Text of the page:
Burundi is a small, landlocked country (27,830 km²), one of the five poorest countries in the world. It is the second most densely populated country in Africa with about 470 inhabitants/km², and a population of about 11.2 million in all. With close to 72.9% of its population live below the poverty line, Burundi ranks 184th out of 188 countries on the Human Development Index. Its economy is heavily reliant on the agricultural sector, which employs 80% of the population, despite the extreme paucity of arable land. Poverty overwhelmingly affects small rural farmers.
Burundi’s history as an independent country has been characterized by political instability and persistent violence, although since the Arusha Peace Agreement, signed by rival political groups from 2000 onward, restored Burundi has enjoyed relative stability, paving the way for economic recovery. The reelection of President Pierre Nkurunziza in 2015, however, triggered a political crisis that claimed hundreds of lives. The United Nations High Commissioner for Refugees (UNHCR) has registered almost 275,000 Burundian refugees and asylum seekers in other countries since. In March 2018, UNHCR and Burundi’s Ministry of Interior and UNHCR reported a slight trend in reverse, with over 20,000 Burundian refugees returned homing since September 2017.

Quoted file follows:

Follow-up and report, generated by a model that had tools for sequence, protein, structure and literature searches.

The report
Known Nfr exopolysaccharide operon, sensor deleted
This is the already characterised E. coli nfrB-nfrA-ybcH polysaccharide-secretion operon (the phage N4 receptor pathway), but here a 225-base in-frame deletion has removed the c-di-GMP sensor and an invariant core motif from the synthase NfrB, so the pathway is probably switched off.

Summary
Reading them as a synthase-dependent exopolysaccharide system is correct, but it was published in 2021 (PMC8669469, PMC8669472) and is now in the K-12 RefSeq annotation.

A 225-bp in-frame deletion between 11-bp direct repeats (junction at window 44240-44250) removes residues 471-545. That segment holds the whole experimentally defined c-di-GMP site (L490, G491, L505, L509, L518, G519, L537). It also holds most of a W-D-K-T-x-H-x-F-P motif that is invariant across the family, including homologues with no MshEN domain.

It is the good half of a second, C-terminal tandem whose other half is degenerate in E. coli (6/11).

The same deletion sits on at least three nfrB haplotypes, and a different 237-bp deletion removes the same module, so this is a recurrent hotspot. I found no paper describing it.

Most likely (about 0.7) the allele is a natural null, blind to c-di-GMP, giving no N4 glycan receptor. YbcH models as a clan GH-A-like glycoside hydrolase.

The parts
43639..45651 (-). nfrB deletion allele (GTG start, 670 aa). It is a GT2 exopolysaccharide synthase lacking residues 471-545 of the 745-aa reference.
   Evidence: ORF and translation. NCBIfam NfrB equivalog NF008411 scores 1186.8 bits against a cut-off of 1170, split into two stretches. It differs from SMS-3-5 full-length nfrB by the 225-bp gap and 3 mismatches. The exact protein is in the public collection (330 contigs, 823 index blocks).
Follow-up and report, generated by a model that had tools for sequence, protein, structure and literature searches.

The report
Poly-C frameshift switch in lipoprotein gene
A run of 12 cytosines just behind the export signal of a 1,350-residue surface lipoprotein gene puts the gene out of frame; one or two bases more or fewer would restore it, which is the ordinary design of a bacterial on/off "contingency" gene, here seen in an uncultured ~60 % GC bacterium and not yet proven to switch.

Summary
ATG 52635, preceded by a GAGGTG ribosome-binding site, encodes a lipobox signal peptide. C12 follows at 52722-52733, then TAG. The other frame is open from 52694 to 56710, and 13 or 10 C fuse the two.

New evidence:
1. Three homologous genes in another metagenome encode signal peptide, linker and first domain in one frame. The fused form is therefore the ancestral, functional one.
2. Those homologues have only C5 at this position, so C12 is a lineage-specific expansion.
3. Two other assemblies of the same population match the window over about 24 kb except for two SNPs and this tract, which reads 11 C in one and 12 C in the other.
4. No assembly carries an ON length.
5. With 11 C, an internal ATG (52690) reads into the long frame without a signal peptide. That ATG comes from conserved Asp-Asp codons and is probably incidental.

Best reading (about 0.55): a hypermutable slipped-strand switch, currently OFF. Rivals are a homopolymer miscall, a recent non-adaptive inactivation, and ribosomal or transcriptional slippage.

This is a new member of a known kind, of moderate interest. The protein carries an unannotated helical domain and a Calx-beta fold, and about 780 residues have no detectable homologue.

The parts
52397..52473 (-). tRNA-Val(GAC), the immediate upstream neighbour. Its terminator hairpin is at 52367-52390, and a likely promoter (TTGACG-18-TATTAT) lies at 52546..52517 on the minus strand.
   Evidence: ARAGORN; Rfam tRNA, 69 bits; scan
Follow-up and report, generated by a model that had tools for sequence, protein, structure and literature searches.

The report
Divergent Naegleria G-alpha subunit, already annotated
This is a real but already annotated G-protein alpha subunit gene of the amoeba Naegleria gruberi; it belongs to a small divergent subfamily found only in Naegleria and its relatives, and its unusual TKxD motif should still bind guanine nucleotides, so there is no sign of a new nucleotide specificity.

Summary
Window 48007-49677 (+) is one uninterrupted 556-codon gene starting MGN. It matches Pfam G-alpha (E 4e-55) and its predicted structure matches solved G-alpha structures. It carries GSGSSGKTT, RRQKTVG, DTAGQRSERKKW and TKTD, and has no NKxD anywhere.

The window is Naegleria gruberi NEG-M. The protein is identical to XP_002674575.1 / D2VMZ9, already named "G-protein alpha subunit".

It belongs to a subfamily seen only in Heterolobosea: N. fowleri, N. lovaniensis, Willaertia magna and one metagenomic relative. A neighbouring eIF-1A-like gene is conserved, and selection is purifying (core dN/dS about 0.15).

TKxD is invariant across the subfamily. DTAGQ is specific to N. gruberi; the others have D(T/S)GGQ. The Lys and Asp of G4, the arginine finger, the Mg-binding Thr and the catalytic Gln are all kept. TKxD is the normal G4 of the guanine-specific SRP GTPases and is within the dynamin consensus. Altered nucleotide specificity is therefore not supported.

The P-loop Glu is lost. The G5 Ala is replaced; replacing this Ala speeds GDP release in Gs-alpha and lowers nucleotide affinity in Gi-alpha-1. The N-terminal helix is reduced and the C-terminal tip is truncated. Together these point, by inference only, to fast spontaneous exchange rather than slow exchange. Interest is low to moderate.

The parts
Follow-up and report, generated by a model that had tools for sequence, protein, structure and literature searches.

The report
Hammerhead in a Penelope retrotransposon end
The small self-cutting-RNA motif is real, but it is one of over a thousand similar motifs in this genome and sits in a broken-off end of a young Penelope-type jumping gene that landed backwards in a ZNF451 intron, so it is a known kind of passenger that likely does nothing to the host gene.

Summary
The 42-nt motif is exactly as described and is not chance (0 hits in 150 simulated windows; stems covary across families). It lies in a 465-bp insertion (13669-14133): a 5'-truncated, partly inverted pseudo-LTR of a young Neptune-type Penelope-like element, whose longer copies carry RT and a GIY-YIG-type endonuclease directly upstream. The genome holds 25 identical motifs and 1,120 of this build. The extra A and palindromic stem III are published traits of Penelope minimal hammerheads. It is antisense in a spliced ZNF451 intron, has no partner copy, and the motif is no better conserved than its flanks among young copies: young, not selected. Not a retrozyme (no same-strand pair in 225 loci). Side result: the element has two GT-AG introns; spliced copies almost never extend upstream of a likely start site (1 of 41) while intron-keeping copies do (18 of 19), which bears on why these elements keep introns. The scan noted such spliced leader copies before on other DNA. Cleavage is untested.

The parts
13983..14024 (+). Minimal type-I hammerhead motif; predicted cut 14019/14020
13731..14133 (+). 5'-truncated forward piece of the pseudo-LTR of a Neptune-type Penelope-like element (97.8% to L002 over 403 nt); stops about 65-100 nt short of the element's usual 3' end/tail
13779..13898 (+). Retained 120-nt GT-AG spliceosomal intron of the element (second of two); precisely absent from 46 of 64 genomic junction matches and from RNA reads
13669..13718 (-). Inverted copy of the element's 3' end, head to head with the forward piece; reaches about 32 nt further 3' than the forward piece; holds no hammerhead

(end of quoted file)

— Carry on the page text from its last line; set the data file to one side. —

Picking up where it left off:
The years 2017 and 2018 have seen the Government of Burundi asserting its authority, opting to withdraw from the International Criminal Court (ICC) from October 27, 2017. The ruling party, the National Council for the Defense of
Most Burundians, especially those living in rural areas, remain afflicted by poverty. At nearly double the Sub-Sahara Africa average, the level of food insecurity is alarming: Burundi ranks last on food insecurity, according to the Global Hunger Index. About 1.76 million people are food insecure, and more than half (6 in 10) of children are stunted (Consumer Price Index, March 2017)—the highest globally. Although agriculture employs around 80% of the population, the sector contributes only about 40% to GDP. There is very limited access to water and sanitation, and less than 5% of the population has electricity (World Bank, 2016). The fertility rate has, however, decreased from 6.4 to 5.5 children per woman on average between 2010 and 2017.
Last Updated: Jun 01, 2018